Cornelian Cherry dogwood, Cornus mas, is the plant I have chosen for February's plant of the month. This particular dogwood is a plant that can be used as an indicator for the arrival of spring. This dogwood blooms in the late winter or very early in the spring, making this plant favored by many. It brings a little color to an otherwise drab winter environment. People always love the plants that are first to bloom in the spring because they show us that winter is coming to an end.
Cornelian cherry dogwood is a small tree or large shrub that blooms with tiny, beautiful, yellow flowers in late February or early March. These small flowers are formed in clusters all over the branches. Cornus mas is a plant that flowers before it has any leaves on it. The flowers are usually held on to the shrub for a few weeks before they drop and leaves appear. The leaves are a deep green with a slight point on the tip and veins that curve upward with the shape of the leaf. The pattern of their leaves is distinct for the dogwood family.
Cornus mas has interesting bark that exfoliates from the tree. This dogwood produces small, red, olive-shaped fruit in July and August that are not often noticed because they are hidden by the leaves. Cornus mas is relished by birds and other wildlife as a great food, which may make it hard to find the fruits. If you beat the birds to the fruits, they can be used to make tart jams and jellies.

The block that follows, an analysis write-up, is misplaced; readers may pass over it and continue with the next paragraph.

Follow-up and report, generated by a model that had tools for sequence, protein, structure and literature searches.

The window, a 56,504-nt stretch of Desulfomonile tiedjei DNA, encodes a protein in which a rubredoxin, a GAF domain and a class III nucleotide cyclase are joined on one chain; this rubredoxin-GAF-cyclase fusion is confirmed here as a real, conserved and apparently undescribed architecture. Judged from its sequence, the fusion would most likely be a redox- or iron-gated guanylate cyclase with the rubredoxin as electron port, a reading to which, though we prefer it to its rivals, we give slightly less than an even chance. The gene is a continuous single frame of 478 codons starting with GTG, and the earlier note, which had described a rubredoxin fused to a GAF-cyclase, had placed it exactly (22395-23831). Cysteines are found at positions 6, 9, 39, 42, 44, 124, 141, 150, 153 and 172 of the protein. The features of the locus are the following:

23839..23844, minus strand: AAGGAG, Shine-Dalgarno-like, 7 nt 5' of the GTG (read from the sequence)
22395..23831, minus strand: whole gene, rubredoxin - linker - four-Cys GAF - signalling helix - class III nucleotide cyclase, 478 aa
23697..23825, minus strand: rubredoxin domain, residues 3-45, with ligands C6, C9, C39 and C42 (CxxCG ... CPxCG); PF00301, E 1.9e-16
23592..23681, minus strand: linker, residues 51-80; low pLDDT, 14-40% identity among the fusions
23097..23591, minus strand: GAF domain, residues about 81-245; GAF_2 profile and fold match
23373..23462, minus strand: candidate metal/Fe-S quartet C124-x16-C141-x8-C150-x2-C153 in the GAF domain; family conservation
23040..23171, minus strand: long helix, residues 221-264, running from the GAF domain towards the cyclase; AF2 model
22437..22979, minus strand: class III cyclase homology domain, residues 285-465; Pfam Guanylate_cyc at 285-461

The overall size of Cornelian cherry dogwood is up to 20 feet tall and wide; it can be trimmed from the ground level to make it look more like a tree. They can be used in your landscape as a specimen tree or in a grouping to make a hedge row. There are also many different varieties to choose from, including: 'Golden Glory', 'Spring Glow', and 'Variegata'.
This small tree or large shrub does best if planted in full sun but will tolerate some shade. Cornelian cherry dogwood will do well in our environment because it seems to have very little insect or disease problems and it can handle our cold winters. Cornus mas prefers to grow in well drained soils with high organic matter but will tolerate the less desirable clay soils found in much of southeastern Nebraska. This is a plant that can tolerate some tough growing conditions, so it should grow very well in most any landscaping setting. Try one on your acreage for something different and to have the plant that heralds spring, to end our cold winter.